Numbing the pain, fighting the pain

Leaf quickly learned, to his surprise, that wasn’t the case. Because, despite his success, the money he’d earned and what he calls “the power” of having that money, he couldn’t make his feelings or what people said about him go away.

“What I didn’t fully understand when I walked away, was that I could have a normal life. When you’re drafted alongside arguably the greatest to play the game — Peyton Manning — my name doesn’t just go away,” he said.” So, if my name wasn’t going to go away and I hadn’t found a way to deal with this in a proper way, there was no way I was going to get better.”

Leaf went downhill both gradually and suddenly, it seemed. Having been prescribed Vicodin in the past for his physical injuries, he began using it to dull emotional pain. He faced drug charges in both Texas, where he’d coached football, and in Montana, serving 32 months in prison. At the time of his sentencing, he recalls feeling so down on himself that he didn’t understand why the judge didn’t give him a harsher sentence.

Prison, it turned out, would be a turning point. After rebuffing several attempts by a warden to speak with groups of visiting students as part of intervention programs, he finally relented. Sharing his story helped him begin to step outside himself. But there was still a long way to go.

“I was released. I go home and the next morning, my hometown newspaper, there was a cartoon there: Ryan Leaf just got out, lock up your medicine cabinet,” he said. “In that moment, I thought, ok, this is what it was going to be like. Forever. There’s no hope. And I got that reprieve when I was accepted into a treatment program.”

Getting into a program wasn’t easy. The NFL Players Association, whom he first contacted for help, flat out told him that assisting him would be “throwing good money after bad,” a crushing thing to hear. But, a nonprofit called the Player Care Foundation was in its infancy, and Leaf applied for a grant to fund treatment. It was accepted. He recalls Andrew Joe, the organization’s founder, calling him with the news.

“If he doesn’t do that, I don’t get the treatment I need, I doubt it one hundred percent I am here telling that story,” he said. “That’s where it all started. And it’s about what the Menninger Clinic does; it’s what treatment facilities do to give individuals hope.”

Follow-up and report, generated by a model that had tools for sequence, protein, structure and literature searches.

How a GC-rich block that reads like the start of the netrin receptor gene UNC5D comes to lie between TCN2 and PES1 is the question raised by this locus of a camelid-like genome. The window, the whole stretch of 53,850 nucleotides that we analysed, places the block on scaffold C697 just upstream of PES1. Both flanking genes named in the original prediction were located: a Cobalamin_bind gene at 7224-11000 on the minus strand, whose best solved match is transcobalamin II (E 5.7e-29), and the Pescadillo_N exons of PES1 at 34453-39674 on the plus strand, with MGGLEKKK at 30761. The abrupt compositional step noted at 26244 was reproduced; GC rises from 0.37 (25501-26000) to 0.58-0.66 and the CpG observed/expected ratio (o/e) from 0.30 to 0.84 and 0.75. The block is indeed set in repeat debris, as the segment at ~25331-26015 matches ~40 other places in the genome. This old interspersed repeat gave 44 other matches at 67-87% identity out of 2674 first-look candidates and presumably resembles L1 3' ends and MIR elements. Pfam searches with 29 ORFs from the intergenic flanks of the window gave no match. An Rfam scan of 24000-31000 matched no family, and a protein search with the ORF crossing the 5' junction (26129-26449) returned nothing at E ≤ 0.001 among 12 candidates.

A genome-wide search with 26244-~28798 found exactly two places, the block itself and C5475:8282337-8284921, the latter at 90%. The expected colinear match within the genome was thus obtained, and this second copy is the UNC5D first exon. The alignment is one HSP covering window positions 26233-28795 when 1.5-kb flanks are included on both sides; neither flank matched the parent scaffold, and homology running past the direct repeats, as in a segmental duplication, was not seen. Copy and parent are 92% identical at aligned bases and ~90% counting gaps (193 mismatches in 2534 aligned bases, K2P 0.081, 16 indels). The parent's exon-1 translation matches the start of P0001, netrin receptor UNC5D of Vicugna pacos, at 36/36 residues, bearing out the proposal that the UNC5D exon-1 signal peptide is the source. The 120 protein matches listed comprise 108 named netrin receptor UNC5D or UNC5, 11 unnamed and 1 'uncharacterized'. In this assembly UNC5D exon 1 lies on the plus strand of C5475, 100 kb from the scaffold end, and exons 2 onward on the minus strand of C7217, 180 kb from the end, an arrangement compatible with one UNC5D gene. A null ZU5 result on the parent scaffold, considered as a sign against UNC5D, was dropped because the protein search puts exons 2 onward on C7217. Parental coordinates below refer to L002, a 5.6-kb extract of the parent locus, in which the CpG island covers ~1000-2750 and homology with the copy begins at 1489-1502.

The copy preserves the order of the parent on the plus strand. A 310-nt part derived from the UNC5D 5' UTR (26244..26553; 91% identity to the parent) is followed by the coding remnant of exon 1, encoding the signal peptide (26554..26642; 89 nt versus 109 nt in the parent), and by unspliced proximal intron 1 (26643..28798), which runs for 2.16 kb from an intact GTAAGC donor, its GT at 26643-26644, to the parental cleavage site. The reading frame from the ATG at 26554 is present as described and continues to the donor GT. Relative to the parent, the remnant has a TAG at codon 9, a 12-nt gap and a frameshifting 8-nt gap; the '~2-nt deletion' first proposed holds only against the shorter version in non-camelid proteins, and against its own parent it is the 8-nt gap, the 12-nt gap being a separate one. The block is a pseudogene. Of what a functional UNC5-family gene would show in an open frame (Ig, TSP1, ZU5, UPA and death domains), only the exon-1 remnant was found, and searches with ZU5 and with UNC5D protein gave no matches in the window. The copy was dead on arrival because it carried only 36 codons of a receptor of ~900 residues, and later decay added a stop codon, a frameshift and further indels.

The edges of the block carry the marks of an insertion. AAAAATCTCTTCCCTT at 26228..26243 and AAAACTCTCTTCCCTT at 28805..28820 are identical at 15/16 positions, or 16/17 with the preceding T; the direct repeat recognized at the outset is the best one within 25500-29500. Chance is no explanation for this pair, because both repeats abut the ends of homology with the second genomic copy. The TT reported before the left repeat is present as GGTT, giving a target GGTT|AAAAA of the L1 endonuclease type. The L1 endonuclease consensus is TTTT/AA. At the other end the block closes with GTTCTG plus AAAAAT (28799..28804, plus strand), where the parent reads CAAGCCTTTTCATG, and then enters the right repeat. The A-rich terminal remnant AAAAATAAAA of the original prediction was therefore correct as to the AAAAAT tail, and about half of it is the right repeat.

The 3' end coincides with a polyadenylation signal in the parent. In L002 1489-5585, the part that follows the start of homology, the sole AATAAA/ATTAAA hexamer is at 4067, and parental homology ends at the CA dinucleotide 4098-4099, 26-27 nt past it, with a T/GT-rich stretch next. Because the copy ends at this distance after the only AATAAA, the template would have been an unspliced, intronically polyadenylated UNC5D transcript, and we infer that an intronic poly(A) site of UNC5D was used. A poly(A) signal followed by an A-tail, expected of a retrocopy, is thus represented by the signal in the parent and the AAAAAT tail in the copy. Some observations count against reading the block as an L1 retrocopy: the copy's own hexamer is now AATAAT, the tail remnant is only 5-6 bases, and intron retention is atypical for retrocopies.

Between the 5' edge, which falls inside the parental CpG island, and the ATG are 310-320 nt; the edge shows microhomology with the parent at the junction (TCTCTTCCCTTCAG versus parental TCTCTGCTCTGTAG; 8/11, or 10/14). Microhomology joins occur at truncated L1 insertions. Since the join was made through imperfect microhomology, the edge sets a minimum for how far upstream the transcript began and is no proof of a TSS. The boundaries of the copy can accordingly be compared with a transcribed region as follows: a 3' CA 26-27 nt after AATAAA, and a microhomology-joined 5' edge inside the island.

A new Leaf

Treatment allowed Leaf to begin rebuilding his life and his approach to his feelings of doubt and insecurity. Over the last decade, he’s taken on speaking gigs around the country and works with the Disney Corporation, something he couldn’t have imagined a decade ago.

“I just needed someone to believe in me,” he said. “My therapist and I have worked on an affirmation that I say every day in the mirror: what other people think of me is none of my business. It sounds simple, but my brain believed any of the outside noise.”

He noted that it was easier for him to believe the negative things that people said than it was to embrace their compliments. He worked to train his brain, however, so that today, when he states that affirmation, he believes it.

“I’m okay with who I am,” he said. “I’m this flawed human being like everybody else who is just trying to be better every day. This is a story about how to fail.”

Esquire toasts Heights watering hole as only Texas spot on 2023's Best Bars in America list

Esquire's favorite Texas bar

One of the Houston’s hottest new bars is basking in the national spotlight. Esquire magazine named EZ’s Liquor Lounge to its list of The Best Bars in America, 2023.

Notably, EZ’s, which is part of the Agricole Hospitality group that also includes Coltivare and Eight Row Flint, is the only Texas establishment that Esquire's editors included among the 31 bars on the list. After in Chicago, Tell Me Bar in New Orleans, and Jellyrolls at Disney World in Orlando, Florida are also among the honorees.